Returning to their districts with a lens focused on equity and action plans in hand, a group of 20 school board members from across California completed their CSBA Equity Network experience on April 26–27 in West Sacramento. The two days of deep reflection and discussion on critical public education equity issues capped a series of in-person and online sessions dating back to August 2018.
CSBA’s inaugural Equity Network was funded through generous planning and implementation grants from the Stuart Foundation. The foundation has awarded an additional grant to continue the project, with CSBA currently planning for a second-year cohort of 20 additional board members and support activities for the participants of the first-year cohort.
Opening year one’s final session, participants said they have already used reflections and equity concepts learned through the network to influence board and district discussions around issues such as student achievement, labor agreements and hiring practices.
Manuel Buenrostro, CSBA education policy analyst and network staff liaison, said board members’ important work will not end simply because the sessions are over. “Being an equity-focused leader means that the work is ongoing,” he said. “The board members that made a commitment to this work are committed to continuous learning and can be an inspiration for other board members across the state.”
Some of the core concepts the sessions addressed were implicit bias, microaggressions, structural racism, stereotyping, white supremacy and cultural humility.
The sessions were led by Nicole Anderson, the network’s lead consultant and facilitator and Deborah Keys Write, former National School Boards Association director of equity programming and current consultant.
The facilitators and presenters emphasized self-reflection and a thorough review of current board and district practices, whether implicit or explicit. Keys Write said true equity efforts are not a matter of checking a box, but rather of driving a culture that permeates “from the boardroom to the classroom, and everyone in between.” Keys Write also emphasized that “there are districts that are talking about diversity, but they’re not doing anything about.”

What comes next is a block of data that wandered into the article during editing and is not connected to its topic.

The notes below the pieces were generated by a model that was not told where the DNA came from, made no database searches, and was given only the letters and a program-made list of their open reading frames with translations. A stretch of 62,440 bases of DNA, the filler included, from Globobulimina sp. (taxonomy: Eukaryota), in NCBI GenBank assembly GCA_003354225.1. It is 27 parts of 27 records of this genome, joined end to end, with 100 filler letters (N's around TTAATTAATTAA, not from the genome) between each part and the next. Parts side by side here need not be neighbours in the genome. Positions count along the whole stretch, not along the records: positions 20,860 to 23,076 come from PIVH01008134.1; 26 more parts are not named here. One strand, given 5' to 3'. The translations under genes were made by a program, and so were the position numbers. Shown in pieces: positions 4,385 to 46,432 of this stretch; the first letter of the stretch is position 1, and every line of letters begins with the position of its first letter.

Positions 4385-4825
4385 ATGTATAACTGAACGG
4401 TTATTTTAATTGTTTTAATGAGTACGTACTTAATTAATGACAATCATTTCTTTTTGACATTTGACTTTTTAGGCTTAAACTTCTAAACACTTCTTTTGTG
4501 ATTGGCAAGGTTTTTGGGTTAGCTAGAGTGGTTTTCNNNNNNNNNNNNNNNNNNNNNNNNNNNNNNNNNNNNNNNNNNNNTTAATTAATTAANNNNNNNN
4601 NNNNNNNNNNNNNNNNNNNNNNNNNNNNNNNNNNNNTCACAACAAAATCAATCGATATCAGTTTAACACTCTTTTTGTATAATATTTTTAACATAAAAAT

Keys Write and Anderson also discussed the importance of going beyond assessment scores and California Schools Dashboard data to find a true representation of a district’s equity challenges; methods include student and parent surveys and interviews about their experiences, as well as equity walks at school sites. “You can’t close gaps if you don’t where your gaps are,” Keys Write said.
Participants agreed that a balanced perspective of a person’s cultural identity and background is integral to the conversation. Anderson said even the best-intentioned policies might not improve equity if its authors haven’t stopped to consider what a student group actually needs to improve academic and life outcomes.
Jefferson Union High School District board vice president Kalimah Salahuddin said she finds it critical to share data and cultural information with people when discussing equity issues. “Things that I feel like everyone knows, everyone doesn’t know,” she said, citing examples such as data that the likelihood of African American men being incarcerated greatly hinges on whether they attend college.
The network’s final activity saw board members form equity plans based on an area they wanted to focus on in their districts. Included in the exercise was how the planned steps aligned with their district’s Local Control and Accountability Plan and what measurable data could be used to track progress and ensure accountability.
This year’s Equity Network participants were from Bakersfield City Elementary School District, San Diego USD, Monterey Peninsula USD, Salinas Elementary School District, Salinas Union High School District, Elk Grove USD, Washington USD, Fairfield-Suisun USD, Manteca USD, Alhambra USD and Jefferson Union High School District.